12 golden rules for milking

1. Monitor udder
health regularly

2. Milking order

3. Foremilk cows

4. Clean teats and teat ends

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- Review regularly all 
udder health
and milk quality
information provided
by the dairy plant,
official testing organizations, veterinary clinics and on farm testing using the DeLaval cell counter
(DCC) or the California Mastitis Test (CMT).

- Develop benchmarks for each cow
and herd to assist in monitoring
changes that may occur.

- Regardless of housing system or herd size, milk first calf heifers, fresh cows next and then the main herd.

- Milk sick cows last and then wash and sanitize the milking system.

- Remove 2-3            squirts of foremilk and examine it. In tie stall  and parlour facilities use a strip cup. Wash off the parlor floor before the next group of cows enters.

- Foremilking provides a powerful signal to initiate milk let-down and it provides an opportunity to detect and prevent abnormal milk from entering the tank.

 - Mastitis control and producing high quality milk requires that cows have clean, dry teats when units are attached. Clean each teat and teat end using approved materials. Wipe each teat dry using single service paper or cloth towels, one per cow. If cloth towels are used be certain to effectively launder and dry them before reusing.

Never start the milking procedure with cleaning of teats! The result is that germs growing in the teat canal can be moved further up into the udder. Always start with foremilking

During milking

5. Check Milking System


6. Attach milking cluster at appropriate time

7. Avoid over milking 

8. Ensure proper removal of cluster

12 golden rules for milking step 5
 12 golden rules for milking step 6  12 golden rules for milking step 7  12 golden rules for milking step 12

- Select a vacuum level and pulsation system appropriate for the dairy farm and have it installed according to DeLaval specifications. 

- Always check the vacuum level at the start of each milking.

 

-Within 60-90 seconds of all teat preparation procedures, milking units need to be attached.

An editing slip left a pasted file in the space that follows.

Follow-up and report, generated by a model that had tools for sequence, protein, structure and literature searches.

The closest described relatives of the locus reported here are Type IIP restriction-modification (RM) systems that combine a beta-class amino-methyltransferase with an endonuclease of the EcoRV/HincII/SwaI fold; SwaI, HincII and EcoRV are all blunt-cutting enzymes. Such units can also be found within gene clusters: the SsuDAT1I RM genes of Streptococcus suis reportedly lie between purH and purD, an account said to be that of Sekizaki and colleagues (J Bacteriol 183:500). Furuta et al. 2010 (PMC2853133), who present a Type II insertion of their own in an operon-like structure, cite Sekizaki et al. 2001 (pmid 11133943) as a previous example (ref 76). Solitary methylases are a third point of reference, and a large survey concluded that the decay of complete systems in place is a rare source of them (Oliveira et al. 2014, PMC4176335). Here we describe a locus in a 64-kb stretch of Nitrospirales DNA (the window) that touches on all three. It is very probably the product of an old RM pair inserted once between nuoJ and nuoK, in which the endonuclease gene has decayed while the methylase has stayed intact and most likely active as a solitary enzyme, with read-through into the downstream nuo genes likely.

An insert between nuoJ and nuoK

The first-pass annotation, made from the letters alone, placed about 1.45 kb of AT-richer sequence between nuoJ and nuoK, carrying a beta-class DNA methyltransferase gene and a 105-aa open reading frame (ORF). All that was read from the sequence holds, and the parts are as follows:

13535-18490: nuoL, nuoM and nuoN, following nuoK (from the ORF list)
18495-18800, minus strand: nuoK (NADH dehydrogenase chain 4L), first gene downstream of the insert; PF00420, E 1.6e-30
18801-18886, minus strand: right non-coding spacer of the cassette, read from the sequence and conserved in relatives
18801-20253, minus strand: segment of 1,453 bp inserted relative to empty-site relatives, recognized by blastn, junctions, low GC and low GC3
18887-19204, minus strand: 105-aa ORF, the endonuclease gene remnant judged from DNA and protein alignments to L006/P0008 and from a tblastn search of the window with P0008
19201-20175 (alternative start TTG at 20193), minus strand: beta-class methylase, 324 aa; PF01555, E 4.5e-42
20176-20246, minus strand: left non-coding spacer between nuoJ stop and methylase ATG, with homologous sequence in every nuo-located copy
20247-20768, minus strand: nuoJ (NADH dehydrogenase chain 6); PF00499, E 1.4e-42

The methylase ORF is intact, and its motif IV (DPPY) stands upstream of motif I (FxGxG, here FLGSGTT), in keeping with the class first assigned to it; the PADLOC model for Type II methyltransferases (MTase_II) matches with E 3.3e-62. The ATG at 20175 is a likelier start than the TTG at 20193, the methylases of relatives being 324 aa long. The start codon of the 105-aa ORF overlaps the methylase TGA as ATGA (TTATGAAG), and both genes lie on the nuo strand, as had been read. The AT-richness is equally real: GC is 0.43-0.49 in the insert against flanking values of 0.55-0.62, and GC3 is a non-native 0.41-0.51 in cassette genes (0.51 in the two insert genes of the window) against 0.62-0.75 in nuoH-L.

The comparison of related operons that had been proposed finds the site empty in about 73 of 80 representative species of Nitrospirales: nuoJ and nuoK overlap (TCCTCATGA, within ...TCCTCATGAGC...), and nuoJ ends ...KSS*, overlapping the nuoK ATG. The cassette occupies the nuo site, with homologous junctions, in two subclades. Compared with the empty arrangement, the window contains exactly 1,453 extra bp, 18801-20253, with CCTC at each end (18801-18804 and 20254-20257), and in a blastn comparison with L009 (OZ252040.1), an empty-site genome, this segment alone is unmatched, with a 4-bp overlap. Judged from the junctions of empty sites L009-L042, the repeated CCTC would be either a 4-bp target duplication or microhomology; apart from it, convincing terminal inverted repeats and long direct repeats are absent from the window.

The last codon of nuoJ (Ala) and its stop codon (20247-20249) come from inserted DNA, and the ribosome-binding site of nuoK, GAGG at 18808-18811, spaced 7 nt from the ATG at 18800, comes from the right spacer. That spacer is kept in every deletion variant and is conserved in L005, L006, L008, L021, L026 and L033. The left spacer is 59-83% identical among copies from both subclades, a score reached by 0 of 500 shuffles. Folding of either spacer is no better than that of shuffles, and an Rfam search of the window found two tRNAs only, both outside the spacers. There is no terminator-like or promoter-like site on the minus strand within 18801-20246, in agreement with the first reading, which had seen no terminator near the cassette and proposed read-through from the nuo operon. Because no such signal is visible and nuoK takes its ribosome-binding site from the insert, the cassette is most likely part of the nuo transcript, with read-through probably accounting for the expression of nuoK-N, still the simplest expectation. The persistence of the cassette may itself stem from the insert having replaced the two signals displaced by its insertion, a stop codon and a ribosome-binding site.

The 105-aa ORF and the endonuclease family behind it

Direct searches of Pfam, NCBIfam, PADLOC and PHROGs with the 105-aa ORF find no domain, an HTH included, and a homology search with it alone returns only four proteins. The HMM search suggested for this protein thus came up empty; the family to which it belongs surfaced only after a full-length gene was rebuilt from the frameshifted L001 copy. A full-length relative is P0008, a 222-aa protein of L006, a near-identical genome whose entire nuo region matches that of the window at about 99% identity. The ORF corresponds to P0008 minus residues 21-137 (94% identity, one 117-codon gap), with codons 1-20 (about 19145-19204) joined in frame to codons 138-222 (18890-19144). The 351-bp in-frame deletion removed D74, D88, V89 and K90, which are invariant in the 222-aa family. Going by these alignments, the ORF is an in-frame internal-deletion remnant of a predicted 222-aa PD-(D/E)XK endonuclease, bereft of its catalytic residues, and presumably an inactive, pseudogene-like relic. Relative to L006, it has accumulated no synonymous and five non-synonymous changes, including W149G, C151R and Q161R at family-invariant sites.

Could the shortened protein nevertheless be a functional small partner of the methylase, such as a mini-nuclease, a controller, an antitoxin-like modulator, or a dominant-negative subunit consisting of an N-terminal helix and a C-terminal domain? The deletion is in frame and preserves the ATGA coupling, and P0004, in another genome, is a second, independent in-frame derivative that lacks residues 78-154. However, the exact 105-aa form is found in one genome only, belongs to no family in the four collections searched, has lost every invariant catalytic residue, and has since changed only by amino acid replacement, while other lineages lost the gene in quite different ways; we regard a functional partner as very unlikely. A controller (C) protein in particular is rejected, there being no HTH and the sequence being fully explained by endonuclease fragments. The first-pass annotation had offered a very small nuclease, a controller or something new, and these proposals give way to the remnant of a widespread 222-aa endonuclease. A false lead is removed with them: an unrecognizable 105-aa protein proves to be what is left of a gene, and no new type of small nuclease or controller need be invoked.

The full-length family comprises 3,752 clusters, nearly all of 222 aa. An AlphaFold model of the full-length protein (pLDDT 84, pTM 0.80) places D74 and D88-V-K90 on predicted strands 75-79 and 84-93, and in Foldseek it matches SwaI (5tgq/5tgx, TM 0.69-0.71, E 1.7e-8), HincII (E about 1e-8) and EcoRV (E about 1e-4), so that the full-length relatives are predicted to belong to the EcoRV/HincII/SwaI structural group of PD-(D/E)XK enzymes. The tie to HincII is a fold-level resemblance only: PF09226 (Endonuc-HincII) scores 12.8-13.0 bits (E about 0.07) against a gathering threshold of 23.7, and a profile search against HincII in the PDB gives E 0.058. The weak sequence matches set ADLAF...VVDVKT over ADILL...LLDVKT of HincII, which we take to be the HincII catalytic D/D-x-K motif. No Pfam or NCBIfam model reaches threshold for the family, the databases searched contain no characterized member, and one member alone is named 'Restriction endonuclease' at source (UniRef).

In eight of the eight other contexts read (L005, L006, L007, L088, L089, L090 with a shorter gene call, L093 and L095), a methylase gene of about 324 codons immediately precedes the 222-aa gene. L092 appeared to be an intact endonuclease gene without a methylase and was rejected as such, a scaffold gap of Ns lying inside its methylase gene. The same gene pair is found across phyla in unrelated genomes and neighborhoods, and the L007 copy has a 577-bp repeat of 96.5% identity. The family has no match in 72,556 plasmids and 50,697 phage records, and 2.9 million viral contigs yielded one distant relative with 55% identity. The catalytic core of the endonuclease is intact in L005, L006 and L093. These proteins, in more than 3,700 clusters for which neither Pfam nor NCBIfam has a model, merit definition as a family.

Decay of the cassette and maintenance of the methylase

- Minimize air entries during cluster attachment. 

- Adjust milking cluster so that it is properly balanced front to back, side to side with no twisting.

 

- Overmilking is considered a primary cause of teat end hyperkeratosis. When the udder has been emptied satisfactorily, the milking unit needs to be removed. This can be detected by manual observation or, for systems with ACR’s, allowing flow sensors to detect low flow and direct the automatic removal of the cluster. Flow controlled milking systems provide a visual indication when low flow has been attained.

- When milking is completed vacuum to the cluster can be shut-off manually or automatically. Allow claw vacuum to decline completely before removing the unit. DO NOT squeeze the udder and pull down on milking units as this may lead to air entry around the liner mouthpiece, this has been implicated in new cases of mastitis.

 

 

After milking

9. Sanitize teats after each milking


10. Clean milking equipment immediately after milking

11. Properly cool milk

12. Monitor milk quality milking equipment, and milking performance data regularly

teart dipping
 12 golden rules for milking step 10  12 golden rules for milking step 11  12 golden rules for milking step 12

- As soon as possible after the unit is removed sanitize each teat with an approved post milking teat dip or spray. This is the single most effective procedure to prevent the cow to cow spread of contagious mastitis organisms.

 

- Clean off the external surfaces of the milking system. 

- After each use, either manually or automatically rinse and clean all system components using appropriate products at the proper temperature. Allow the system to drain dry. 

- Where required, sanitize the system prior to the next milking using approved sanitizers at the proper dilution.

- Check cooling temperatures to be certain the proper temperatures are being reached during and after each milking. 

- Proper refrigeration temperatures greatly slow or stop the growth of most bacteria.

 

 

- Review all milk quality, milk composition, and milking center performance information regularly and compare it to historical data.

- Replace liners and rubber goods according to recommendations. Old rubber goods become cracked and porous and this influences milking performance and increases the risk of soil and bacterial build-ups. Such problems may lead to increased milking times and higher bacteria counts. 

- Have the total milking system serviced regularly according to the DeLaval’s recommendations. 

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